Ten writers and artists, including Varian Johnson, Naomi Shihab Nye, and Francisco X. Stork, offer brief works of fiction and nonfiction -about the between-cultures life.- As Perkins notes, -Humor has the power to break down barriers and draw us together across borders,- and the stories within bear that out, though few qualify as laugh-out-loud funny. Most offer a subtler, uncomfortable brand of situational humor: Olugbemisola Rhuday-Perkovich calls her high school -an oasis of suburban racial integration-; when the drama club performed The Crucible, -the drama coach was sensitive enough to ask the black members of the troupe if we-d be uncomfortable playing the role of slave Tituba.- And in -Under Berlin,- written in verse, G. Neri describes a -game- that a biracial American family plays on the German subway: seeing how quickly two elderly white women will change seats after the black father sits between them. The edgy joke-flirting between a Jewish violinist and Asian comedian in Cherry Cheva-s -Talent Show- and the hero of David Yoo-s -Becoming Henry Lee,- who comically embraces Asian stereotypes in an effort to fit in, will leave readers thinking about the ways that humor can be a survival tool in a world that tends to put people in boxes. Ages 12-up. (Sept.)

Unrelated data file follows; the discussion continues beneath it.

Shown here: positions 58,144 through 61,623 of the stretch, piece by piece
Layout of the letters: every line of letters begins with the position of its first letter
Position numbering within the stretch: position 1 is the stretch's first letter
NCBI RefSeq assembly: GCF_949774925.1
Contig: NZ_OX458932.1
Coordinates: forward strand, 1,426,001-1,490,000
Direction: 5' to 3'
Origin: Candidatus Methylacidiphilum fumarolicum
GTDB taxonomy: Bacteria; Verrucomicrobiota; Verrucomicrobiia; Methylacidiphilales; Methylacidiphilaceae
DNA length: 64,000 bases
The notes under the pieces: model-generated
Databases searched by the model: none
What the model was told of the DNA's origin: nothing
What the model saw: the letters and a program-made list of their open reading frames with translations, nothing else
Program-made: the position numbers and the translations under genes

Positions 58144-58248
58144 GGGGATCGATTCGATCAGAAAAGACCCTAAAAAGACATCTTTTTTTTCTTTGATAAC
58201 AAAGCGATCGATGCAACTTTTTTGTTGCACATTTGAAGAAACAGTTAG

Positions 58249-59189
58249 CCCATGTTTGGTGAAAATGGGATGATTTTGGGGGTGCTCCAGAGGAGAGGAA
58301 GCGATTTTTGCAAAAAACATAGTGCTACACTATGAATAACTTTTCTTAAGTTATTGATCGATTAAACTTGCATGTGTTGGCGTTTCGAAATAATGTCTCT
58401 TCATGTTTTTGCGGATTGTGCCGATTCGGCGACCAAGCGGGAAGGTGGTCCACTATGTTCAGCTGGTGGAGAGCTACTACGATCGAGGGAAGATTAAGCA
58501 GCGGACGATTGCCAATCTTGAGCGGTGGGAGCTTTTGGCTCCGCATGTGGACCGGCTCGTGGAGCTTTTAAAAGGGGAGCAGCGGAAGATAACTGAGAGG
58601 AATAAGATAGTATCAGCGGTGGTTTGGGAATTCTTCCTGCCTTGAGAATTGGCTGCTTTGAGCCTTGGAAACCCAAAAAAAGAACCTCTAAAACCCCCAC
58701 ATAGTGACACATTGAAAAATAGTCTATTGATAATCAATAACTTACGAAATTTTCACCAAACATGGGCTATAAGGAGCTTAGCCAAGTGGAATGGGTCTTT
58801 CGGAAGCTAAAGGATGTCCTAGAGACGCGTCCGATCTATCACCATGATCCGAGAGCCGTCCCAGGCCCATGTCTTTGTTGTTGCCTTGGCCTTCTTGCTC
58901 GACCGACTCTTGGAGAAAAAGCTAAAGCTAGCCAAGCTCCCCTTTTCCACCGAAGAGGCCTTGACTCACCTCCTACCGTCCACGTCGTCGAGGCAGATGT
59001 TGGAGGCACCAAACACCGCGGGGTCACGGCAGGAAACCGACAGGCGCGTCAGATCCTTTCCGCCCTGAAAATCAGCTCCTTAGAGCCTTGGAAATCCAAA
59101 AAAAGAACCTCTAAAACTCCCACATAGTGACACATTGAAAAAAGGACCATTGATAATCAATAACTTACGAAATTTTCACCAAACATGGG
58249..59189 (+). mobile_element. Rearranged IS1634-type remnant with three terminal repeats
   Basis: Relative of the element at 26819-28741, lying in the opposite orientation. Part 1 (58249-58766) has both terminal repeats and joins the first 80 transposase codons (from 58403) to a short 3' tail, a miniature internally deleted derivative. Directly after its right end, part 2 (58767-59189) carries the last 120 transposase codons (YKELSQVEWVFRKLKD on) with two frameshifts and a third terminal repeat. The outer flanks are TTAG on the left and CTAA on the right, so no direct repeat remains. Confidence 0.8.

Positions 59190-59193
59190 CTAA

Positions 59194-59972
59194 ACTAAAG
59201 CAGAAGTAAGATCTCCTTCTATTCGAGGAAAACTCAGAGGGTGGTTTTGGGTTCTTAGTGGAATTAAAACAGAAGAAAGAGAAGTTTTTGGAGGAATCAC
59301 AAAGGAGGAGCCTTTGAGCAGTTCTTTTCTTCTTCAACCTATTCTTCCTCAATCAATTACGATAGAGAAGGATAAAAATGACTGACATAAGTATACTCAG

School Library Journal